How to Combat Those Little Flying Bugs - GNATS!
Although fungus gnats can be a problem with indoor plants at anytime of year, they can be a bigger problem during the warmer months as they are also outside in greater numbers and, no doubt, plotting an invasion of your home... :)
|Not a Fungus Gnat-Just One of My Plants|
- Fungus gnats are small flies, about 1/8" long, black or dark colored. Adult females may lay up to a few hundred eggs in a 7-10 day period. And they will lay them in the moist topsoil of your indoor plants, if they get a chance.
- Fungus gnat eggs hatch in about six days, producing small, white maggots.
- Larvae will grow to about 1/4" in two weeks and then form pupae.
- Then adults will emerge from plant media in a week or less. And the cycle begins again!
The larvae feed on organic material, including your houseplant's roots and can cause damage to your houseplant's health. This damage can allow disease to enter plant tissue.
Your plant may or may not show signs of decline. It is possible to have leaf loss, stunted growth and yellowing of foliage.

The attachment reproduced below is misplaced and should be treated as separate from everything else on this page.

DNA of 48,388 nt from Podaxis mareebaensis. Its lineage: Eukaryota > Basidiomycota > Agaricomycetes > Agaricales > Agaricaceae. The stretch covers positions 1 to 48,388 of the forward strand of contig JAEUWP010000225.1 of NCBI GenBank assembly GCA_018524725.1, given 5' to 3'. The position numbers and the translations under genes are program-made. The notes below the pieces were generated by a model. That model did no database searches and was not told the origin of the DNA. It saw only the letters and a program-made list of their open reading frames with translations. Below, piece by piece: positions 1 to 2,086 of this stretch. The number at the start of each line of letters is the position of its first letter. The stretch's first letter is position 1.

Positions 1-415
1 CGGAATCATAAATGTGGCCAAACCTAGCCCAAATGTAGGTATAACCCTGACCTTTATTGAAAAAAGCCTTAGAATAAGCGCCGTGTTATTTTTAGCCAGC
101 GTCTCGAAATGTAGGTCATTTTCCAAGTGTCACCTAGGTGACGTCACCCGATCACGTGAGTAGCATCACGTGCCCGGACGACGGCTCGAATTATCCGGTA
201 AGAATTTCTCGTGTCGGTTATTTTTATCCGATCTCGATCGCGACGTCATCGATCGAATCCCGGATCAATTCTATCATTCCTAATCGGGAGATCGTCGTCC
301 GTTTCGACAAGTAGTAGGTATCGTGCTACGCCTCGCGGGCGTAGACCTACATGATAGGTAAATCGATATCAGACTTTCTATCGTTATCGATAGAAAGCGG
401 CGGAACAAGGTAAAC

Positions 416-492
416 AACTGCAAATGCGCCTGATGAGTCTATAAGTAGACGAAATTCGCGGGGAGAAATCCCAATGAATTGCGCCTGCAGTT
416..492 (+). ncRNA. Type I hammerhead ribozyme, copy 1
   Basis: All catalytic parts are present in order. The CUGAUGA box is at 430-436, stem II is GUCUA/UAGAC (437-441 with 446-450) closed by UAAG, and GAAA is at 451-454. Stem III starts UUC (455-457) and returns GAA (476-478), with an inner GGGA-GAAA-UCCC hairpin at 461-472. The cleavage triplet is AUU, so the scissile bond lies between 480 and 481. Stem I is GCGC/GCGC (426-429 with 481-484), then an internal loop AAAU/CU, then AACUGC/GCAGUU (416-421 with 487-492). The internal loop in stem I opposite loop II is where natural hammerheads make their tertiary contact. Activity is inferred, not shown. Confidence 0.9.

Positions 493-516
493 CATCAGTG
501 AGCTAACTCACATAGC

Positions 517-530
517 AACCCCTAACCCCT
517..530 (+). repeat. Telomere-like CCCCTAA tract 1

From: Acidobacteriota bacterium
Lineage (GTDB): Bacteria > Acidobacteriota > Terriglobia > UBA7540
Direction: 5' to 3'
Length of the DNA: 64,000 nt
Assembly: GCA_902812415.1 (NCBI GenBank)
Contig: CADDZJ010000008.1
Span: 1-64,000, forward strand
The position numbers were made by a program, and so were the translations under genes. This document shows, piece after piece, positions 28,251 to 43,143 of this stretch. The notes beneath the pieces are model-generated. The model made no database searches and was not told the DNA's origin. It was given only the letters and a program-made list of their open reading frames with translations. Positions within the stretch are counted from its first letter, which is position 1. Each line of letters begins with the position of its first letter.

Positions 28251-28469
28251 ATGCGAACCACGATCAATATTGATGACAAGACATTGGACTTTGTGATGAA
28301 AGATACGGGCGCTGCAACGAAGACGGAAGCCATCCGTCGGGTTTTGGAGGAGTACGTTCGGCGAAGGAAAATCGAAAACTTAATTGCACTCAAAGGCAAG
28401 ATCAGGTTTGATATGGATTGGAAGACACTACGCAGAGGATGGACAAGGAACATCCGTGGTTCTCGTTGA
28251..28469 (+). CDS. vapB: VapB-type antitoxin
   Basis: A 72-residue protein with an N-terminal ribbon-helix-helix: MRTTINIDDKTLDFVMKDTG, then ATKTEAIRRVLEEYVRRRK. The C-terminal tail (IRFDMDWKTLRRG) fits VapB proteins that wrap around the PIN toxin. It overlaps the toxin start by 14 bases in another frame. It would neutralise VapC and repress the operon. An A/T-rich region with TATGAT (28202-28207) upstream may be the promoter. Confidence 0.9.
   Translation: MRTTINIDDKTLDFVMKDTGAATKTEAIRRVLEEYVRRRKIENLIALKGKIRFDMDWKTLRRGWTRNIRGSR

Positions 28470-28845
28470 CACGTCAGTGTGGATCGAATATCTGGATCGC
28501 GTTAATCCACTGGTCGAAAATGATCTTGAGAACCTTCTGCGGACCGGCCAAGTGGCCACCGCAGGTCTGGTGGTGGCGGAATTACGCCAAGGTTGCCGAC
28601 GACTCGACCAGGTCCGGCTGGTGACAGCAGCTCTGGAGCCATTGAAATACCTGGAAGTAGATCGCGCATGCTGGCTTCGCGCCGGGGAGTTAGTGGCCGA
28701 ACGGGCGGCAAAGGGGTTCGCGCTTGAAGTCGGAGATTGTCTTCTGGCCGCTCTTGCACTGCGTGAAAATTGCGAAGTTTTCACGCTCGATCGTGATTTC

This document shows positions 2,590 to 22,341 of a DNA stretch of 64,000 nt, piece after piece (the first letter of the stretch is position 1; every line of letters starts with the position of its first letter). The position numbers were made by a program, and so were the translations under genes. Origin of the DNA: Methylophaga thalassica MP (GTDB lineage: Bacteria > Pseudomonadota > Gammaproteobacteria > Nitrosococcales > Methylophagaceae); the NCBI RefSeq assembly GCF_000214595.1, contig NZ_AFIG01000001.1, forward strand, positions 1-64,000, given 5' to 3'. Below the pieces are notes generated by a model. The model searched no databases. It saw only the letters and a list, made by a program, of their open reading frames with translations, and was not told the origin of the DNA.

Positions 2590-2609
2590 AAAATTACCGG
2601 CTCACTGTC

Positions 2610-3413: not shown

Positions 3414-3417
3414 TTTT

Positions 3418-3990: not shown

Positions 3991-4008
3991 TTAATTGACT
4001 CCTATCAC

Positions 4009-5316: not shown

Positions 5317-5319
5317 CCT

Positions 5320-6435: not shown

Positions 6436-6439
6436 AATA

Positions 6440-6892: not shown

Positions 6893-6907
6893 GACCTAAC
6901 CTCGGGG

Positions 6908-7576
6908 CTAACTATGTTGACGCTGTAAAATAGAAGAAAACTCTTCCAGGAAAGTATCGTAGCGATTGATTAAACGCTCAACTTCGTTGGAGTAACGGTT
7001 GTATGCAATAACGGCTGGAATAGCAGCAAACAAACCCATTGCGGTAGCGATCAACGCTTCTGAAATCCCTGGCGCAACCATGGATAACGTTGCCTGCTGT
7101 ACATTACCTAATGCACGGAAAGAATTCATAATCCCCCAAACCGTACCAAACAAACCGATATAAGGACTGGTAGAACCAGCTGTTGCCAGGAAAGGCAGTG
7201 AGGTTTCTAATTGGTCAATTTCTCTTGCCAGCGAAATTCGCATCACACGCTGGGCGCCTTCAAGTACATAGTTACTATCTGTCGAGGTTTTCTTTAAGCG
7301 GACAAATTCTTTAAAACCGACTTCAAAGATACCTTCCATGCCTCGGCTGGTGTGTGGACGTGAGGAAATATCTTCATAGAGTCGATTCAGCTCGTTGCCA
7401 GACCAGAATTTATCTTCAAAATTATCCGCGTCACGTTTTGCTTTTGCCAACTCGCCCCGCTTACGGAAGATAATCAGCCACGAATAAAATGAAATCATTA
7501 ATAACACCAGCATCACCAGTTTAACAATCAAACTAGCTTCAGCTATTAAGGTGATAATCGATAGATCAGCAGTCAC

Properly watering your indoor potted plants (not keeping plant media constantly soggy) can help ease the problem to some extent. Using sub-irrigation containers for your plants is also a good way to keep these little pests from becoming a problem.
If you are having a problem with gnats in your indoor plants, one of the things you can do is remove the top inch or so of soil from your plants and replace with fresh, sterile soil. Gnats reproduce mainly in the topsoil of your plants so removing this and replacing with sterile potting soil should remove a large part of the problem.
It is best to use sterile soil for your indoor potted plants. Here are some ideas for sterilizing your own potting soil:
- Place slightly moist potting mix in an oven proof tray. Cover with foil and bake for about 45 minutes in a 200 degree oven. Turn on the fan! Remove and allow to cool before using.
- During the hot summer months, you can sterilize using the energy from the sun. Dampen soil and place in black plastic pot. Cover any drainage holes with plastic first. Set in the sun and cover with a sheet of clear plastic.This will adequately heat the soil and it should be ready to use in about a week. Saves electricity too!
One other helpful, non-chemical way to fight fungus gnats that are already present is to use sticky trap cards. These attract the fungus gnats, they get stuck and can not get away. Basically just fly paper in card form. I use these in my interior landscape accounts by placing them just inside the grow pot, usually stuck to the side. This catches the fungus gnats and keeps them from bothering anyone and from reproducing.
Hope this helps you with any problem you may have with these little, flying creatures.
Happy growing everyone!